Gardening in Cirencester: Edible Ornamentals by Geoff Carr

Edible Ornamental Plants
by Geoff Carr
If you want to try a different approach to growing veg and don’t want to settle for plain old greens you can give your veg garden some colour and style. The following list of edible ornamental plants will look and taste great.

Red Russian Kale
Brassica oleracea ‘Red Russian’
This relative of cabbages, broccoli, swede, cauliflower and sprouts has velvety, greyish-green, 2- to 3-foot-tall leaves with purple stems. They look a lot like huge, ruffled oak leaves, darkening to purple after a frost as well as turning sweeter in flavour. Direct-sow four to five weeks before the last frost and continue to sow seeds every couple of weeks to produce a continuous harvest. You also can sow them in summer and harvest in autumn.
There are lots of tempting Red Russian Kale recipes to be found on-line, just type ‘Red Russian Kale’ into a search engine.

Cherokee Chocolate Tomato
Lycopersicon esculentum ‘Cherokee Chocolate’
These red-and-brown tomatoes, named for their chocolate colour, grow up to 4 inches wide and weigh in anywhere from 10 ounces to a pound. Their firm, juicy, tart-sweet flesh is great for slicing. Start seeds indoors six to eight weeks before the last frost date; plant transplants outdoors after the last frost.

Papaya Pear Squash
Cucurbita pepo ‘Papaya Pear’
This plant produces pear-shaped, yellow squash on semi-bushy plants throughout the growing season. Pick the squash when they measure 3 inches long and wide to encourage plants to set more squash. Direct-sow after the last frost.

Ornamental Strawberry
Fragaria x ananassa ‘Pink Panda’
This sprawling ground cover bears bright-pink flowers and an occasional crop of edible berries. Evergreen to semi-evergreen plants grow 5 inches high and spread to 24 inches wide. Sold in small pots rather than as seeds, they can be planted in sunny to partly shady sites. Plants can be trained to trail from window boxes and hanging baskets. The flowers retain their strawberry fragrance as well as a milder strawberry flavour. Float petals in drinks, add to salads or add to desserts for decoration.

*  ‘Bright Lights’ Swiss Chard
Beta vulgaris subsp. cicla var. flavescens ‘Bright Lights’
This exciting RHS AGM Swiss Chard, produces a rainbow of coloured stems that are crowned with large leaves of green or bronze. The flavour is deliciously mild and packed with nutritional content. Swiss Chard ‘Bright Lights’ can be harvested from mid-summer to late autumn, and if soils are not excessively wet, overwinter, it will re-emerge to give an unbelievably early spring crop! Guaranteed lo brighten the vegetable patch, or why not grow this colourful Swiss chard in ornamental borders or in a patio container?

Gretel Eggplant
Solanum melongena ‘Gretel’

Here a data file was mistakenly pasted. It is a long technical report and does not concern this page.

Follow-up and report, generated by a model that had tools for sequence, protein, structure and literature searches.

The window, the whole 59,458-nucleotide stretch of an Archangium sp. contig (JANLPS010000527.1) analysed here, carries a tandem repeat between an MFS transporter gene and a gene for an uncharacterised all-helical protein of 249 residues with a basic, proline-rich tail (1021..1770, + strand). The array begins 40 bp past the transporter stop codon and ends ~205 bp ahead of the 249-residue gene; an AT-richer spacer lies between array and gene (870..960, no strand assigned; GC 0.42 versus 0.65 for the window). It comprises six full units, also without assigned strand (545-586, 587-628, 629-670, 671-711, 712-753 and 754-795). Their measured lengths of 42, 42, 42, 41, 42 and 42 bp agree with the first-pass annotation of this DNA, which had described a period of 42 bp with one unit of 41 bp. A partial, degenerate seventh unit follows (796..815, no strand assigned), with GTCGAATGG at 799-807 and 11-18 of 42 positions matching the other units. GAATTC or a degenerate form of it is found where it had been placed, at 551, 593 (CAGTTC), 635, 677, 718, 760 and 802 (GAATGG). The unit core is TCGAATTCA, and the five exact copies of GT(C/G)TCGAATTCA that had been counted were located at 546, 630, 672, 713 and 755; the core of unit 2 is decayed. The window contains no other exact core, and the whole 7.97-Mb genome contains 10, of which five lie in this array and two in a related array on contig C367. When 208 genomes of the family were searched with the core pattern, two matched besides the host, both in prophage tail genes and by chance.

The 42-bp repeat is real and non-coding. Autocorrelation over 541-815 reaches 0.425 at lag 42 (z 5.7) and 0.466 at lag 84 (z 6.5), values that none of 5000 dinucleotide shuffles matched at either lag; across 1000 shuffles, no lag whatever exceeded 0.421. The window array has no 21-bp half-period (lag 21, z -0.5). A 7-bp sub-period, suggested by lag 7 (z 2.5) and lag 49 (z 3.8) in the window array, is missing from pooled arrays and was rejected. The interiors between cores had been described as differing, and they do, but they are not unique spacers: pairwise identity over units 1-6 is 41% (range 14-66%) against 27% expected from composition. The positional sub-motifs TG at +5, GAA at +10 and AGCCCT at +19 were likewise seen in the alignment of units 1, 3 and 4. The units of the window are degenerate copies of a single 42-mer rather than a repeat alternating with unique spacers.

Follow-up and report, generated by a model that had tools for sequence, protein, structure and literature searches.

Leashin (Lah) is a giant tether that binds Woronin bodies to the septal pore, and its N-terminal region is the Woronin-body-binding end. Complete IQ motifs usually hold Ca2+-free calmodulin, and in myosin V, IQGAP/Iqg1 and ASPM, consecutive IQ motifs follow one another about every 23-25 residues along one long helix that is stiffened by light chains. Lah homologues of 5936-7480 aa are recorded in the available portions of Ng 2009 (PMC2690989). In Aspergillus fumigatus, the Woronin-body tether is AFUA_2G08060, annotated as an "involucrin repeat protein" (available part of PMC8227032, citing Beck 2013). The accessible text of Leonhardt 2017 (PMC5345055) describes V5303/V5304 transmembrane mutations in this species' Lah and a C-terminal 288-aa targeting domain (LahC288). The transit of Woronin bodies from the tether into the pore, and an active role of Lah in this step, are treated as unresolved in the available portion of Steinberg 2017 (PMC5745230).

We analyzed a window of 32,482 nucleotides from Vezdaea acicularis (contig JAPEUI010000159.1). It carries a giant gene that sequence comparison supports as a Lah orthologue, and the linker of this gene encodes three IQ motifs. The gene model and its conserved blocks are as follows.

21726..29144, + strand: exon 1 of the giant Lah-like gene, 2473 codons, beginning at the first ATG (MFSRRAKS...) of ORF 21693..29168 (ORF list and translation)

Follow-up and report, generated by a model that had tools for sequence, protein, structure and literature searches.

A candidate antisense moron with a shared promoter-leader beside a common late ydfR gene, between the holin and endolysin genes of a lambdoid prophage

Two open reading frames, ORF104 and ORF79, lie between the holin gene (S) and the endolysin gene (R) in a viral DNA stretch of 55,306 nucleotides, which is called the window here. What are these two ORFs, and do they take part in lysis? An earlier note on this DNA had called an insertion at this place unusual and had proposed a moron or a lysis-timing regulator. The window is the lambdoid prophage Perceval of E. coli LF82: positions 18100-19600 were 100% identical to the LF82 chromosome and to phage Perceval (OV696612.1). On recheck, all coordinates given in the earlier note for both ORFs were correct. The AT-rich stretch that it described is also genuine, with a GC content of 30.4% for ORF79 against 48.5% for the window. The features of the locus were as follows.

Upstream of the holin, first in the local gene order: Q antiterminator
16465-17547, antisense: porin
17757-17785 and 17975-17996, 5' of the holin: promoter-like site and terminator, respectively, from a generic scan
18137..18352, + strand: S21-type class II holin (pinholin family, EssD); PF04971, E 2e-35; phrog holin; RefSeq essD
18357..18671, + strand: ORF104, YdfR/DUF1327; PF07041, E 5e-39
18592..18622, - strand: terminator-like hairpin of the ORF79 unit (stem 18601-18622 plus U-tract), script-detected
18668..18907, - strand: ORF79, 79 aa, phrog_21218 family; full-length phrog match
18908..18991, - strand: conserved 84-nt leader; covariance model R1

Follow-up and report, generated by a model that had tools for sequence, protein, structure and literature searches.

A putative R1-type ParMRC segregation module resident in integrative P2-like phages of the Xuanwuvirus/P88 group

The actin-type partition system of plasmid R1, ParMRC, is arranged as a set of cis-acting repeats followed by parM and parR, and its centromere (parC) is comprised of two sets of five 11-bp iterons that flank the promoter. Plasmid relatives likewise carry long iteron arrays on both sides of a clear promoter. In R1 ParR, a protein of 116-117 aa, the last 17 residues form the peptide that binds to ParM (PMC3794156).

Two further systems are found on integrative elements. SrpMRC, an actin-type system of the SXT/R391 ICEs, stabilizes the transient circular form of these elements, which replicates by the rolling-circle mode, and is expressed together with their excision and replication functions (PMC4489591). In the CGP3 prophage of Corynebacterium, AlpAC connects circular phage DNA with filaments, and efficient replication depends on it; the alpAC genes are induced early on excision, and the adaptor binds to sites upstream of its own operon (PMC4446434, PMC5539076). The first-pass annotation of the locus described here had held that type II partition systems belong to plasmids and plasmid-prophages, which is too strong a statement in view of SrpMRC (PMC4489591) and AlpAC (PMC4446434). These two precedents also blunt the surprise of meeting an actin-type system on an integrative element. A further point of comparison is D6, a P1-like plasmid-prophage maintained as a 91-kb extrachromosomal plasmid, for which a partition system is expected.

This plant produces clusters of white eggplants on 3-foot-high plants. Harvest the mild-flavoured fruits when they’re 3 to 4 inches long. Start seeds indoors eight to nine weeks before planting outdoors. Eggplants are susceptible to cold, so don’t plant outdoors until the soil is warm and there’s no more danger of frost. Indeed, eggplants benefit from being cosseted with warmth all through their lives including watering seedlings with luke-warm water.

Purple Ruffles Basil
Ocimum basilicum ‘Purple Ruffles’
Sporting frilly, flavourful purple leaves, this herb grows about 18 inches high and wide and is a good choice for containers, to edge vegetable gardens or to mix in a sunny perennial or annual ­border. Start seeds early indoors; basil is very cold-tender, so wait until after the last frost to put plants (or direct-sow seed) in the garden. The colourful leaves are full of flavour, strongly aromatic when crushed and are especially fine for herb vinegars, for garnishing or for throwing onto the bbq.

Freckles Lettuce
Lactuca sativa ‘Freckles’
This lettuce features bright-green leaves splashed with crimson speckles. Crisp, buttery-flavoured leaves grow 6 to 12 inches high but can be harvested as baby leaves, too. A cool-weather veggie, its seeds and transplants can be placed in gardens as soon as soil is workable in early spring. Start seeds indoors four weeks before transplanting outside. Sow seeds every two weeks through summer for successive harvests. High in anti-oxidants, folic acid and vitamin C.

Scarlet Runner Bean
Phaseolus coccineus
Lovely scarlet flowers on plants that can grow very tall given enough sun and watering; they attract both bees and butterflies. Plants bear 6- to 12-inch pods that hold scarlet-black beans. You can eat the tender young pods straight from the plant or cook them. Direct-sow into garden after frost.

Chilli Peppers
Compact ornamental chilli’s, growing 6 to 20 inches high and 6 to 18 inches wide, are ideal for small gardens, hanging baskets and containers. Unlike peppers, which hang beneath foliage, ornamental chilli plants produce upright clusters of fruit that face the sky. Sow seeds in fertile, well-draining soil and full-sun location about 1/4 inch deep and 1 inch apart. As fruits ripen, a single plant may sport three or four different colours from yellow to orange, red, purple or brown. Pick often; the more you harvest, the more fruit the plants will produce.

For a FREE, no obligation meetings call Geoff Carr now on 07719 896039. Visit www.GeoffreyCarr.co.uk 

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